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Thursday, July 19, 2018

Something New, Something Old, and Something Borrowed

Writing in the compliance space has been extremely rewarding for many reasons, but today I will highlight the new, the old, and the borrowed. 

Something New

Compliance is still considered new within legal scholarship.  Its newness makes it an extremely fun area to write in, because it is often the case that you are one of the first, or one of very few, academics who have written on a particular topic.  For me this has been most true, I think, with my work on corporate monitors (here, here, and here). There were certainly excellent articles (e.g., here, here, and here) written prior to my own work, but because there weren’t a large number or articles on the topic, I have been able to carve out a scholarly niche for myself.  As a result, when it comes time to have an academic speak or write on the topic of monitors, I often get asked.  I can’t always take on the opportunity, but it is fun to have something you are known for, and there is still quite a bit of room for that in the compliance area.

Something Old

And yet, many of the issues important for compliance today aren’t at all new.  A great deal of compliance scholarship is rooted in more established areas, like corporate law, corporate governance, and corporate criminal law.  The iconic Caremark decision is a case about compliance (see this symposium).  Within industry, compliance is an established field with a variety of “professional” organizations with hundreds of members.  This is nice, because while compliance is “new” within legal scholarship, it is also “old” in a way that provides a strong foundation for the scholarly work being done.  In one of my forthcoming articles, I use classic BA cases to serve as the basis for a new argument related to identifying the root-cause of compliance failures within organizations.  All that to say, you aren’t starting from scratch when you identify a problem to write about.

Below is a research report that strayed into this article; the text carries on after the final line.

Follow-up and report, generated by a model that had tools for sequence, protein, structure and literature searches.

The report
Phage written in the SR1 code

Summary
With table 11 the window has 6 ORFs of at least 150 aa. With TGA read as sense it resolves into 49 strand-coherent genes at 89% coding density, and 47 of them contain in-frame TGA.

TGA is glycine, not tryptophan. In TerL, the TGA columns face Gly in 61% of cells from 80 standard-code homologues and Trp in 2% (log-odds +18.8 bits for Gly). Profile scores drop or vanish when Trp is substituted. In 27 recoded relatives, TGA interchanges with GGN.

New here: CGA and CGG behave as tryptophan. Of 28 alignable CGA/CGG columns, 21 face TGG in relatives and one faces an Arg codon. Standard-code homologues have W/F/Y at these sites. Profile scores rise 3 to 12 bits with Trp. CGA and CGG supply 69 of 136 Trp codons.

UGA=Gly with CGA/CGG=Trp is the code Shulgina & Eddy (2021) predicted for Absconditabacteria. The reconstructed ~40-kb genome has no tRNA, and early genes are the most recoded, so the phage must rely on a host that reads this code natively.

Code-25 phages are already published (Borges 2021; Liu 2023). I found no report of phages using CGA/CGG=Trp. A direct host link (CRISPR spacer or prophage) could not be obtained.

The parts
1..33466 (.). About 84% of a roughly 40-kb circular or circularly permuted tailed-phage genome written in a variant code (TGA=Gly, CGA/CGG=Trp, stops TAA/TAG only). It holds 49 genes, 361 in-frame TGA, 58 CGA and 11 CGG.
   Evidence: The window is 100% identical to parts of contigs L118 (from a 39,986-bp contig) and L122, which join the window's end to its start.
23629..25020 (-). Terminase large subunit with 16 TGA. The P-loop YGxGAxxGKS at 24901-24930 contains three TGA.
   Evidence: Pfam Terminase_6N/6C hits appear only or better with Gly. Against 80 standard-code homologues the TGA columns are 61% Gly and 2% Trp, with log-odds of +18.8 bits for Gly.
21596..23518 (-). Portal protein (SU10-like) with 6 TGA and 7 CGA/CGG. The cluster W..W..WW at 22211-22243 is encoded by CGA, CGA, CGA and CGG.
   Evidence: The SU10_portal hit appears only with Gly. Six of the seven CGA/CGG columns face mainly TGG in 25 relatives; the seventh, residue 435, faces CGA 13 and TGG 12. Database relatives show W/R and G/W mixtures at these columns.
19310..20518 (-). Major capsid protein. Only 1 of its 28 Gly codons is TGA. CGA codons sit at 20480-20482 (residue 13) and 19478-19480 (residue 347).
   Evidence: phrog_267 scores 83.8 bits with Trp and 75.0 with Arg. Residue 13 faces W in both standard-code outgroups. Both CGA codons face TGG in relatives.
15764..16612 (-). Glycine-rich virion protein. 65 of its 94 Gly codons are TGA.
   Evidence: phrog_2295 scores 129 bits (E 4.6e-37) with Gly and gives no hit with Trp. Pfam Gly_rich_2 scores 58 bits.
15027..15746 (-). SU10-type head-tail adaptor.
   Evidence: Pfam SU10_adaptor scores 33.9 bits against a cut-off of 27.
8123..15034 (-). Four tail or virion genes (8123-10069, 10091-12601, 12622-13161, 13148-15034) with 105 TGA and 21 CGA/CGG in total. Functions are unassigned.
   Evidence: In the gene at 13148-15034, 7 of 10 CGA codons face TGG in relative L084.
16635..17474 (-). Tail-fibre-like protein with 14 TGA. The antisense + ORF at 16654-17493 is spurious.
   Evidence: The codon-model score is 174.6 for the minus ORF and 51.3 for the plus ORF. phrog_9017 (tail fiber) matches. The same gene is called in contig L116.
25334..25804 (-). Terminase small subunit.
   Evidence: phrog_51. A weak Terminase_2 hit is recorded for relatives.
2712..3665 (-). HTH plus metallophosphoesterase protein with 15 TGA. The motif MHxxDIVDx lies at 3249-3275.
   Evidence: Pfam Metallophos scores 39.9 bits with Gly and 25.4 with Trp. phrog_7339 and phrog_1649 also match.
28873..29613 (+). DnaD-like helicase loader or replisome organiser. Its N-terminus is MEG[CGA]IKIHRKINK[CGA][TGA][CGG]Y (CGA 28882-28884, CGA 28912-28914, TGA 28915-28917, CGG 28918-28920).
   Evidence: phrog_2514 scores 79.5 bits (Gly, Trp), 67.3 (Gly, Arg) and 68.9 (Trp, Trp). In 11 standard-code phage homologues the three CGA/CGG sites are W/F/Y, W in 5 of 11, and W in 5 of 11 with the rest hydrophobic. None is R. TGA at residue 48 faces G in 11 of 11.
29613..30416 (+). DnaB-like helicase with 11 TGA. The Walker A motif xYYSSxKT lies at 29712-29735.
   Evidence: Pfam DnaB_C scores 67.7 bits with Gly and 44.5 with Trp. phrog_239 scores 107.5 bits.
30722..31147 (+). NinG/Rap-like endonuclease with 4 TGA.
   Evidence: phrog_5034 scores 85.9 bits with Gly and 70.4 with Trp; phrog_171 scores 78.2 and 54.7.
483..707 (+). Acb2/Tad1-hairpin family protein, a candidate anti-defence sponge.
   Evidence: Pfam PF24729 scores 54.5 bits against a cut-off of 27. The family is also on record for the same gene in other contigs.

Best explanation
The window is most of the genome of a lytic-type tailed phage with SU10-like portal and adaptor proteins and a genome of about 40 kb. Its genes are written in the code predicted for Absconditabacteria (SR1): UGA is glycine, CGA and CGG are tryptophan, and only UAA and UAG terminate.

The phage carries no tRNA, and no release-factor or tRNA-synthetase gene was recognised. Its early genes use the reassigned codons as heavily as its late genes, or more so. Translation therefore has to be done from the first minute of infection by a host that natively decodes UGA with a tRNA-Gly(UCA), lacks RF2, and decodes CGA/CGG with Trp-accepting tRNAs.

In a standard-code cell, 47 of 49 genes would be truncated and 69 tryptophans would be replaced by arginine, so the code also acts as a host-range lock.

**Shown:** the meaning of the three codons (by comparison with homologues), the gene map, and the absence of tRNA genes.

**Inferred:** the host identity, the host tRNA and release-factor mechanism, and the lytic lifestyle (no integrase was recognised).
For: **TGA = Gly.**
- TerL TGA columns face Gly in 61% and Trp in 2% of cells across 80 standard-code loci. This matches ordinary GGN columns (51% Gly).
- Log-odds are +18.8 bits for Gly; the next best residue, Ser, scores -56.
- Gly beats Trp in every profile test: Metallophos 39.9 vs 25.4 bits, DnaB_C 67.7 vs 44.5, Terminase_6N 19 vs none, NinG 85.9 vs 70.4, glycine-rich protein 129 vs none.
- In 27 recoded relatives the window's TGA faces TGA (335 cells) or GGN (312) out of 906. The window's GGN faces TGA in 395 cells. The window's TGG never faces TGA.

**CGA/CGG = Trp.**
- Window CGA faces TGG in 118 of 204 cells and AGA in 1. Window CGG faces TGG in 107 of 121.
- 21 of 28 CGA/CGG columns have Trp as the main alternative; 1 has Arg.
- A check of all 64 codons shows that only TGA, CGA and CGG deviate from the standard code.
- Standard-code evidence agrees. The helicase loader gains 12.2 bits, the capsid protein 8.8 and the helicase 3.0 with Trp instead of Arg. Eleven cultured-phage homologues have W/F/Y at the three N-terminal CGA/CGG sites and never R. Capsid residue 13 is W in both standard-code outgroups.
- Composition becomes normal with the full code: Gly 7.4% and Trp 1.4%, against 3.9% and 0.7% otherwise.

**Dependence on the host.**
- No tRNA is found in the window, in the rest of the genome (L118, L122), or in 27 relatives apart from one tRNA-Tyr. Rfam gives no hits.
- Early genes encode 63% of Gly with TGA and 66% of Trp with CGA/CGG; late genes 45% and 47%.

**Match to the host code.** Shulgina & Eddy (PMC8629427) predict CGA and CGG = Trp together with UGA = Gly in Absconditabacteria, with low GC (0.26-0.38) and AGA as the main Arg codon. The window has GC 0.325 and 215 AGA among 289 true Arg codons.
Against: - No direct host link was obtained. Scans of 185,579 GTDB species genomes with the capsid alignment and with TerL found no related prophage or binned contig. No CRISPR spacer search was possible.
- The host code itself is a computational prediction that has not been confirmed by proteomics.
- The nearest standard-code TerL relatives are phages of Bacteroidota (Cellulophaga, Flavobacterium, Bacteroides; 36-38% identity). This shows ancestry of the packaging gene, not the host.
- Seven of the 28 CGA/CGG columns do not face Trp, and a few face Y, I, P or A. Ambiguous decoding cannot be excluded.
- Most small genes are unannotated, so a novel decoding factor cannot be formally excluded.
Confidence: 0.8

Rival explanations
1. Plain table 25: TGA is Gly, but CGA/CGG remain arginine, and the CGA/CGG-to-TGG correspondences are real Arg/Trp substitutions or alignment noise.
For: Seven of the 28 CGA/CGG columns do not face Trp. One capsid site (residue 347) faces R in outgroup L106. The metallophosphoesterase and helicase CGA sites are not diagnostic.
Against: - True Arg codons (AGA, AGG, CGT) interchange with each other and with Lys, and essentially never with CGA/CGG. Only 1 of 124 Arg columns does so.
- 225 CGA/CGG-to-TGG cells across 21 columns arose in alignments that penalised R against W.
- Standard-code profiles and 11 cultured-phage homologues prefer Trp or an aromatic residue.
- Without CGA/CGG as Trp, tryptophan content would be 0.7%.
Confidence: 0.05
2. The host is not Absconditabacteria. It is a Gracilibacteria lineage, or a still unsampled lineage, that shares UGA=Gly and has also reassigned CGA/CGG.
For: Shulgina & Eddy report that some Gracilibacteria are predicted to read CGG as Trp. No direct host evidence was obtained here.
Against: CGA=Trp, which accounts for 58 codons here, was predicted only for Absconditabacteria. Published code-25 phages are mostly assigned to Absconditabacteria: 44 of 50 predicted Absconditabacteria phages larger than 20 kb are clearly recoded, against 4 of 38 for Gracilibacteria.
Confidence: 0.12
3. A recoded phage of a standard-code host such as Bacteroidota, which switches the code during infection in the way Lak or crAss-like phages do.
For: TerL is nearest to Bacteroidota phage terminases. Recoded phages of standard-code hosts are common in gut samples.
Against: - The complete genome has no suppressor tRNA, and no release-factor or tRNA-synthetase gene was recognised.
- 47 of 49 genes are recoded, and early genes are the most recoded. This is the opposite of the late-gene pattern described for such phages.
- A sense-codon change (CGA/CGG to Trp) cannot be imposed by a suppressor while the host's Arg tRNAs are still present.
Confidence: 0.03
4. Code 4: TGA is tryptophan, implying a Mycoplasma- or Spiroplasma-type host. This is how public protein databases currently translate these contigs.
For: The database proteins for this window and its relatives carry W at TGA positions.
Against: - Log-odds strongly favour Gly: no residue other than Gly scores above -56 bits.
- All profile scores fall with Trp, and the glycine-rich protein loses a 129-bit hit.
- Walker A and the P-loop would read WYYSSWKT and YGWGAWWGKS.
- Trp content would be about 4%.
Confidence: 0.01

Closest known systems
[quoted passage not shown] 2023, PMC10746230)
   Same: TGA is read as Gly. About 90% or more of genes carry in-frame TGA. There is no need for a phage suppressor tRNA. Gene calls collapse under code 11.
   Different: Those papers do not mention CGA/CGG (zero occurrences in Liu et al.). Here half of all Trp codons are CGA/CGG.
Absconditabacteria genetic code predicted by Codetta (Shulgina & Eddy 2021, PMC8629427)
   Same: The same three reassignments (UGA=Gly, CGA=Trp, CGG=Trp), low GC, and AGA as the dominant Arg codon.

Something Borrowed   

Finally, because compliance is inherently interdisciplinary, it lends itself well to borrowing concepts from other fields.  For example, many compliance scholars spend a fair amount of time drawing on behavioral ethics research (e.g. here and here), which is a literature primarily found within business schools.  Additionally, I often find that when I present a paper someone in the audience from another discipline will suggest I read something that I have not come across, which turns out to be completely applicable to what I am writing about.  A couple summers ago, for instance, someone made a relatively offhand remark about how I should look at interagency coordination literature, which is in the administrative law area, and that literature ended up serving as the theoretical basis for my paper.

* * *

All that to say, part of what I like about writing in the compliance space is that it is new, but not too new, while allowing the flexibility to learn about a number of topics from other areas of law. 

Posted by Veronica Root on July 19, 2018 at 12:37 PM in Corporate, Criminal Law | Permalink

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